As the eldest son of the preceding shanyu, Bi had a legitimate claim to the succession. In 48, two years after Huduershi's son Punu ascended the throne, eight Xiongnu tribes in Bi's powerbase in the south, with a military force totalling 40,000 to 50,000 men, acclaimed Bi as their own shanyu. Throughout the Eastern Han period, these two groups were called the southern Xiongnu and the northern Xiongnu, respectively. Events Rome Roman Emperor Claudius invests Agrippa II with the office of superintendent of the Temple in Jerusalem. ...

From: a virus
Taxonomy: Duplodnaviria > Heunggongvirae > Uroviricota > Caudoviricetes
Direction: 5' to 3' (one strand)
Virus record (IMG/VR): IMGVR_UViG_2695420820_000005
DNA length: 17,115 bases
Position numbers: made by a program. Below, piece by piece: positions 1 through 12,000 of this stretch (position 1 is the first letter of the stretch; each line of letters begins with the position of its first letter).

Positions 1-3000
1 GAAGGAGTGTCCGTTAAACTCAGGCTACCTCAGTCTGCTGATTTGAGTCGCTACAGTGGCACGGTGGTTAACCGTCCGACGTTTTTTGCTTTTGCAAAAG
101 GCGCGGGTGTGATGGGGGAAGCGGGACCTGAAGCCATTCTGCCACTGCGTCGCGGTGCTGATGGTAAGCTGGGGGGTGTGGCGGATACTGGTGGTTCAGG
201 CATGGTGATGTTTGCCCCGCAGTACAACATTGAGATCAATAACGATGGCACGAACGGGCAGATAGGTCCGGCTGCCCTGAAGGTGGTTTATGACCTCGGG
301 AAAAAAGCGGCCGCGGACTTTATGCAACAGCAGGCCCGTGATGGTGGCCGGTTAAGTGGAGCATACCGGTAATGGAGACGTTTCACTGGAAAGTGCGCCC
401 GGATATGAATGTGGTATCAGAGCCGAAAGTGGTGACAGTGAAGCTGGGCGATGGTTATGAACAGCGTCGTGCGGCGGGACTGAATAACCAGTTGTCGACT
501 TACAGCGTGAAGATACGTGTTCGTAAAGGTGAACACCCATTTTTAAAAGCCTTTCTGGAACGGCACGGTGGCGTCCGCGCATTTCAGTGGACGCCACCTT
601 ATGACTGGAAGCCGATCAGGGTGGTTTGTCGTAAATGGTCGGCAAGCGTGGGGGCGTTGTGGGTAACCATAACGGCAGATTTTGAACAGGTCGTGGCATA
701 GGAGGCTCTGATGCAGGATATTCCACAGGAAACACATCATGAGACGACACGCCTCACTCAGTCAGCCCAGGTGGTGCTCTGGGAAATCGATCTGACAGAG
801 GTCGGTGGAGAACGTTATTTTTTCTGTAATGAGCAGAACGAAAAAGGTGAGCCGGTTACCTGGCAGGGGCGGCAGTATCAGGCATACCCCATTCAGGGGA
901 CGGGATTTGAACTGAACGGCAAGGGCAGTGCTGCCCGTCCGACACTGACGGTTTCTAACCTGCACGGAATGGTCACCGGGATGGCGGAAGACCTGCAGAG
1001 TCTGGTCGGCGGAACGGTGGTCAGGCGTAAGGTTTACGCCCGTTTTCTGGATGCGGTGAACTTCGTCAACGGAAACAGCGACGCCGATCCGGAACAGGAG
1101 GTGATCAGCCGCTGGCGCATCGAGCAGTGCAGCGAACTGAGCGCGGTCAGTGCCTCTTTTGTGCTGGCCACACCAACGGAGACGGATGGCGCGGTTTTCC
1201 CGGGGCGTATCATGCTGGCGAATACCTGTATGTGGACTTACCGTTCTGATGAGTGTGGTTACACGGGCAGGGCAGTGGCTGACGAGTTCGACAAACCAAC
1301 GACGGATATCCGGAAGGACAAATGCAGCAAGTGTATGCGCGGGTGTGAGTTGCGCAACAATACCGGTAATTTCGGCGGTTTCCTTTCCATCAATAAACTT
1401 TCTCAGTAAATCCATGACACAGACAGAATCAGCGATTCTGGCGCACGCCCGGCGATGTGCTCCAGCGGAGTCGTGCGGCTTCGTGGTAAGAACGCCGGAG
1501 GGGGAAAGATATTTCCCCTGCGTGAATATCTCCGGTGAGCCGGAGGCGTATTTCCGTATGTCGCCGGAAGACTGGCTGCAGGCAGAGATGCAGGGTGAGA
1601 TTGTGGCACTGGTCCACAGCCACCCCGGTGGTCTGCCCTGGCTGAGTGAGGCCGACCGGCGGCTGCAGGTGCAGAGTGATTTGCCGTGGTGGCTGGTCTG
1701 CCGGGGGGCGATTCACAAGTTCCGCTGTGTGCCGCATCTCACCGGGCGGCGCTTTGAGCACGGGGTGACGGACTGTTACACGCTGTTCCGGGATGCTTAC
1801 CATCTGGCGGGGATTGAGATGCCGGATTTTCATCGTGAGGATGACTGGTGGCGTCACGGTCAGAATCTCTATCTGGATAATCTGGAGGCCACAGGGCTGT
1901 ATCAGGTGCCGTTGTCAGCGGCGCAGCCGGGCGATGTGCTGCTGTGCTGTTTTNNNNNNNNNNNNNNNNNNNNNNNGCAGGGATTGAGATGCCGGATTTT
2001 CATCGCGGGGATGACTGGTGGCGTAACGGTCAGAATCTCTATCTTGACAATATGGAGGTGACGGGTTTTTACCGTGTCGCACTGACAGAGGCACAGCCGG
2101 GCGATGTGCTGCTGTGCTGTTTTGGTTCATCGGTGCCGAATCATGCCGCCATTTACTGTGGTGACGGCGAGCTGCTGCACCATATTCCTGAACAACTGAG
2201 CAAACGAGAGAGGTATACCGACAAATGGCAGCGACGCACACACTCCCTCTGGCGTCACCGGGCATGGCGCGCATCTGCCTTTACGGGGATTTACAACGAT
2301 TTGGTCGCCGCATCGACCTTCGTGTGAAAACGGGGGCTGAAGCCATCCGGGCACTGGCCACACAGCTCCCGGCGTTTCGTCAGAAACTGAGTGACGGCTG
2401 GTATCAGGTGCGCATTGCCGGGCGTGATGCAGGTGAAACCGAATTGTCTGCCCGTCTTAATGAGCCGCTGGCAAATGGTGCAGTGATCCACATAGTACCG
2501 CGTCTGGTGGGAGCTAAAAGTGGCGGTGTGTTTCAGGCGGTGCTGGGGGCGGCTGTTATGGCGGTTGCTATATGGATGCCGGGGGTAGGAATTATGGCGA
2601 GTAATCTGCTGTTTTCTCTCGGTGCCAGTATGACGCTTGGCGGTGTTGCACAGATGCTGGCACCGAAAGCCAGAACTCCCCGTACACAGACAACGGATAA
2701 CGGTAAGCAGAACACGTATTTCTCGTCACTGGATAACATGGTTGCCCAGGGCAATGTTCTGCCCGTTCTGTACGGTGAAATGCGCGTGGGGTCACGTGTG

Hard pressed by the northern Xiongnu and plagued by natural calamities, Bi brought the southern Xiongnu into tributary relations with Han China in 50. The tributary system was considerably tightened to keep the southern Xiongnu under Han supervision. The shanyu was ordered to establish his court in the Meiji district of Xihe commandery. The southern Xiongnu were resettled in eight frontier commanderies. At the same time, large numbers of Chinese were forced to migrate to these commanderies, where mixed settlements began to appear. The northern Xiongnu were dispersed by the Xianbei in 85 and again in 89 by the Chinese during the Battle of Ikh Bayan, of which the last Northern Shanyu was defeated and fled over to the north west with his subjects. This article is about the year 50. ... Events Roman Empire Dacians under Decebalus engaged in two wars against the Romans from this year to AD 88 or 89. ... This article is about the year 89. ... Combatants Northern Xiongnu Han Dynasty Commanders Northern Chanyu (unnamed chief) Dou Xian Southern Chanyu Deng Hong Strength Unknown 46,000 cavalry (30,000 Southern Xiongnu and 8,000 Qiang) Casualties 13,000 dead, 200,000 surrendered and 1,000,000 livestocks captured Minimal The Battle of Ikh Bayan, was a... The Northern Shanyu (Chinese: ; Pinyin: ; Wade-Giles: Pei Chanyü, reigned 89–91) was an unnamed and obscure shanyu of Xiongnu who lived in the 1st century. ...